The 1924 Immigration Act, the first general and permanent immigration law in American history, limited the number of immigrants in any year to 2% of the number of people from that country in the U.S. at the time of the 1890 census (i.e., before the large influx of immigrants from southern and eastern Europe). In short, it was an attempt (and a somewhat successful one) to rollback the ethnic composition of the country to what it was before the "bad" immigrants arrived. The 1924 law effectively invented the idea of illegal immigration, so when people say their ancestors came here legally, ask them if they came (like mine) before 1924. If so, it is a meaningless statement.
Perhaps most despicably, the letter writer tars those "who are illegally invading our Southern border" (thus leaving no doubt as to which illegal immigrants in particular bother her--the illegal Irishman or Italian working in a New York City bar or restaurant didn't come in through Arizona) by associating them with crime: "some of them smuggling drugs to our young, kidnapping and murdering our citizens." For the vast majority of immigrants who have entered the country illegally, that is the only illegal act they have committed. This exaggerated connection to crime is also nothing new in the annals of immigration, of course. Italians have long been tarred by the same brush. Of course some Italian immigrants were associated with the Mafia. The vast majority, however, like my mother's cousins in New York, were honest, hard-working people who simply wanted a shot at the American dream.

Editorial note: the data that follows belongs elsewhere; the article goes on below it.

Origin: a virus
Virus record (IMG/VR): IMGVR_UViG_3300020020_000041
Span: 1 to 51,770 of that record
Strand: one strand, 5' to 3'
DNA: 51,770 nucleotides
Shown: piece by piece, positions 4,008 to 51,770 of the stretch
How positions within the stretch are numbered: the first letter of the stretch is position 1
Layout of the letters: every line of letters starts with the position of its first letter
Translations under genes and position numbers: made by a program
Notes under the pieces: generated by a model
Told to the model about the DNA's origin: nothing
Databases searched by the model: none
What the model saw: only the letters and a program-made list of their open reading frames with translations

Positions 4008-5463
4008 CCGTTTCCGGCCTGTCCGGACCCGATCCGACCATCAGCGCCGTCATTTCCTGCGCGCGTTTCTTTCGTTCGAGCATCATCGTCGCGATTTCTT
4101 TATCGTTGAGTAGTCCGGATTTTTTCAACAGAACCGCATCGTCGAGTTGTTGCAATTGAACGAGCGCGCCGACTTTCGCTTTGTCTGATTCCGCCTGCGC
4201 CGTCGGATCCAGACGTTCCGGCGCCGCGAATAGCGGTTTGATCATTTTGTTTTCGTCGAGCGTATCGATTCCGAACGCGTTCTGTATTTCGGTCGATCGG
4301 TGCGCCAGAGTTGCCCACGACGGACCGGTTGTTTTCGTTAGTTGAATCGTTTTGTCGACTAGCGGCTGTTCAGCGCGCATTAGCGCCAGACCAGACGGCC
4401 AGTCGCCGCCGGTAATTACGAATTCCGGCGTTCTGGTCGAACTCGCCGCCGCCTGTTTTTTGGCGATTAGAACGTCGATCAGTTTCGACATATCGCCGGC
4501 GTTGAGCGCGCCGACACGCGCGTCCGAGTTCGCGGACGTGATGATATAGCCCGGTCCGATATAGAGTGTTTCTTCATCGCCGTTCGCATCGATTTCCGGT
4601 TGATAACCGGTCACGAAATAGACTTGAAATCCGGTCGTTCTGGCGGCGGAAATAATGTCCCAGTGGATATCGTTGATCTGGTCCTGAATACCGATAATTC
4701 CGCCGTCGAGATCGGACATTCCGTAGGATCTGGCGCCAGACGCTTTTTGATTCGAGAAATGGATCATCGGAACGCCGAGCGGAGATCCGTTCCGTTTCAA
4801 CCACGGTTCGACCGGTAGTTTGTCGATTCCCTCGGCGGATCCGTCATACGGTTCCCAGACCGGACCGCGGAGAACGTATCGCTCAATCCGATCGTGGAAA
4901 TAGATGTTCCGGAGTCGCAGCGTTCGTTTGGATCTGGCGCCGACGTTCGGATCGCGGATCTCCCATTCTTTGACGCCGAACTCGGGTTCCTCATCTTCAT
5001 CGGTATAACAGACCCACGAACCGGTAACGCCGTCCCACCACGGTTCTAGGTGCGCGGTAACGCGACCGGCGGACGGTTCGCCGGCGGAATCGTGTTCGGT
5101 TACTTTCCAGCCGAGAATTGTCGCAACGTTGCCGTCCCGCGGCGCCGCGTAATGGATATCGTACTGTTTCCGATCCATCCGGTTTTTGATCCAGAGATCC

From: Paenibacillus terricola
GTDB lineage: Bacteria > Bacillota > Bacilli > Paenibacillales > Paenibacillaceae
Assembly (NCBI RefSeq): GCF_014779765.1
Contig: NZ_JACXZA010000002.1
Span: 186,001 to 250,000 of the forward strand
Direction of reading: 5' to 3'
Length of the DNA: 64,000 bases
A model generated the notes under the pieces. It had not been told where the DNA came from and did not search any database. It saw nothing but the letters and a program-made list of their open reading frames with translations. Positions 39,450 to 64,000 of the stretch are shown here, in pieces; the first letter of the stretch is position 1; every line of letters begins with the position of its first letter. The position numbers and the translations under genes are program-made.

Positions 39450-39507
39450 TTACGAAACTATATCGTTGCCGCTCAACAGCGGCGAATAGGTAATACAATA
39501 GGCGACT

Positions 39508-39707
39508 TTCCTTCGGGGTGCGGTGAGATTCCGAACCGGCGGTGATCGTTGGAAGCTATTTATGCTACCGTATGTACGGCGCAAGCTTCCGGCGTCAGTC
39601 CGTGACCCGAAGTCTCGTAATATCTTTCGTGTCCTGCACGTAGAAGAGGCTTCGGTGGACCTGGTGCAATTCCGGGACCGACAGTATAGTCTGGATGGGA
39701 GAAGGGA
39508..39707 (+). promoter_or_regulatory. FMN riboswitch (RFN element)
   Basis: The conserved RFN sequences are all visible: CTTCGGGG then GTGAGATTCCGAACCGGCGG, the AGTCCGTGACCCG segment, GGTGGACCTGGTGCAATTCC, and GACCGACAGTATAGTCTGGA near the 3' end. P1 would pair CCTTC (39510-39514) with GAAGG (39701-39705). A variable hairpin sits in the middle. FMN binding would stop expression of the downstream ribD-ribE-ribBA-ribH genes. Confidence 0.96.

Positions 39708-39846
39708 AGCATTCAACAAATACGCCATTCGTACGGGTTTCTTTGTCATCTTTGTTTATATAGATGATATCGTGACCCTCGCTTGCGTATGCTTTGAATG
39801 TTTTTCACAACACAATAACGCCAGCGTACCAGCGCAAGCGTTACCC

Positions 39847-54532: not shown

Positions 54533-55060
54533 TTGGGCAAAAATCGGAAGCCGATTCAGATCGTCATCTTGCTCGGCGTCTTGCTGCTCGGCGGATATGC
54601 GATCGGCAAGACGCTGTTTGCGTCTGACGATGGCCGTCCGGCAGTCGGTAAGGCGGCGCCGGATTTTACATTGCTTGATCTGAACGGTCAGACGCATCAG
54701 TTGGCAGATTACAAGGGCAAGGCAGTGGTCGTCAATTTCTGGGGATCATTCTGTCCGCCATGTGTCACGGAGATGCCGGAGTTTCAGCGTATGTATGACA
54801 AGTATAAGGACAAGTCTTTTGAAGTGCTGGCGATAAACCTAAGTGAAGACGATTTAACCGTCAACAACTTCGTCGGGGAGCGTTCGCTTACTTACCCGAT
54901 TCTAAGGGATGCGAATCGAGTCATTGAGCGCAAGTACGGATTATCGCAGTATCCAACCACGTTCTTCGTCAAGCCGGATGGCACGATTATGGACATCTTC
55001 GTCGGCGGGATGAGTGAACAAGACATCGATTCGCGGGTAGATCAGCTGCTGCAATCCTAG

The idea that illegal immigrants are "bleeding our economy" and taking jobs goes back to the very first American law restricting immigration, the Page Act of 1875, which barred Chinese contract workers. The law's congressional sponsor said he wanted "to end the danger of cheap Chinese labor." Today that law is rightfully seen as a racist embarrassment, but substitute "Mexican" for "Chinese" and you'd find wide agreement with his sentiment today.